If you’re one of the 500 companies in the S&P 500, most likely you’re a fairly large and profitable company and one of the leaders in your industry, be it financials, industrials, technology, and so on.
That is the broad framework, laid out by Standard & Poor's (S&P), of what investors call the “benchmark” index for the U.S. stock market.
More specifically, S&P says a company has to have a market capitalization of at least $8.2 billion. The index isn’t purely the 500 largest companies by market cap. A company must have turned a profit for the last 12 months at any given point in time and at least half of its shares outstanding must be on the public float. A company must be liquid, meaning that its short-term assets like cash and inventory must be more than sufficient to cover its short-term liabilities, like short-term debt or payables. The struggling Macy’s (M) - Get Report was recently removed from the S&P 500.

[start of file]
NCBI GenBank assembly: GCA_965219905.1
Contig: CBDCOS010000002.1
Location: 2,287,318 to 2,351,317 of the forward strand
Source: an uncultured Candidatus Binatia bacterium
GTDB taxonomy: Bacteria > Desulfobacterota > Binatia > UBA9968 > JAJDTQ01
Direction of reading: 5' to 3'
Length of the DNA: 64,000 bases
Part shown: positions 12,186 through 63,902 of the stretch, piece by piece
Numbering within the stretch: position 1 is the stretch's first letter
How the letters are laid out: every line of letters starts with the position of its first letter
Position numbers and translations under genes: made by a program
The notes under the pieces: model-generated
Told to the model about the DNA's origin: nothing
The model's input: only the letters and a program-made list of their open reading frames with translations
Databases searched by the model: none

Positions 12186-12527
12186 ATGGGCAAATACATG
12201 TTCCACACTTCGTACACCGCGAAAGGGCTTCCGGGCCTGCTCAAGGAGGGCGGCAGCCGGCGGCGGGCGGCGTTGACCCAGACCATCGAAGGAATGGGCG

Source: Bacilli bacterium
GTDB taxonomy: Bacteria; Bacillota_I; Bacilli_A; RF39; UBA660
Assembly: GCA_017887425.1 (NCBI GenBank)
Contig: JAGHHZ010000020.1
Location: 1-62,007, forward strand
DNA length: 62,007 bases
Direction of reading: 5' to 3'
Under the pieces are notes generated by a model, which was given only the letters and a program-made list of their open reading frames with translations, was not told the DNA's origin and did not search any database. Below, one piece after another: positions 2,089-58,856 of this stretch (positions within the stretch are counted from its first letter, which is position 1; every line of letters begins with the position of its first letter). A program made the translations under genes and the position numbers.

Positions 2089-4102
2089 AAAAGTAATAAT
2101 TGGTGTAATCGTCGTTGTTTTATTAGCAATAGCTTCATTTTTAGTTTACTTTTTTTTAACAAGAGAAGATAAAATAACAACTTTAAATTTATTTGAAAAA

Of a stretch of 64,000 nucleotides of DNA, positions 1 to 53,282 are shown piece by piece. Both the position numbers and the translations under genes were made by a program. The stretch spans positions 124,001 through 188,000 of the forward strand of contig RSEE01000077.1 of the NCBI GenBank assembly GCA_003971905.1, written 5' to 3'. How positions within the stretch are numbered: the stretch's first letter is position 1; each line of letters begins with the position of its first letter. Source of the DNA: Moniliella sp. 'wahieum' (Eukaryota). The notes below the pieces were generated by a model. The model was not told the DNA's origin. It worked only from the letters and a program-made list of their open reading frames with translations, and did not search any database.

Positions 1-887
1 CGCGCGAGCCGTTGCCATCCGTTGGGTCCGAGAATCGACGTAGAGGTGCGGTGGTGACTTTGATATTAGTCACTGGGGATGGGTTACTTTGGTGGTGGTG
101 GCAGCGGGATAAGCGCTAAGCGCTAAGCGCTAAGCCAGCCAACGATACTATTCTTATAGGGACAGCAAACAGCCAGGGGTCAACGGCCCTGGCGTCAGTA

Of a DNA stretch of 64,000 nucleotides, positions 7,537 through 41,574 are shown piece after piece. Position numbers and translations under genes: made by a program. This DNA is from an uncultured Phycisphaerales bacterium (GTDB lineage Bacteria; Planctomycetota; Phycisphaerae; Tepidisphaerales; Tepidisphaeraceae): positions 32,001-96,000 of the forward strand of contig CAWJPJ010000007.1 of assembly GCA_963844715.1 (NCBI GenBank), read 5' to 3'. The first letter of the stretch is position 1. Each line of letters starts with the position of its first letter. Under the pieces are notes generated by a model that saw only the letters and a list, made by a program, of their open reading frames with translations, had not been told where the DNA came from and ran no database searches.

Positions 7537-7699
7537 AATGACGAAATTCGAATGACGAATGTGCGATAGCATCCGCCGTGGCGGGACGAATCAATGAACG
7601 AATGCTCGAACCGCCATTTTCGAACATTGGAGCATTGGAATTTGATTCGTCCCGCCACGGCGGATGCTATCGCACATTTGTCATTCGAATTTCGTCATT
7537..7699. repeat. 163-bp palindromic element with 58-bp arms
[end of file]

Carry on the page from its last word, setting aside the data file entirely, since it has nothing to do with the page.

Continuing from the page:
Companies want to be on the index. Not only does it earn them a little cache in society and with investors, but it also means a company’s stock will be added to indexed investment funds (mutual funds and exchange traded funds). That can provide support for the stock price. When the average investor is bullish on the broader market, he or she will buy these funds, which then buy the shares of the companies on the S&P 500.
Recently, it was generally thought that Tesla (TSLA) - Get Report would be added to the S&P 500. The company is a leader in the growth industry of electric vehicles and may soon be a leader in the broader auto industry. Its market cap is $330 billion. It’s profitable and has a strong balance sheet.
But in a surprise move, it was not added to the index and it’s unclear why the EV giant was snubbed. The stock then fell 15% in one day, a move that was driven in part -- though not entirely -- by not making the cut.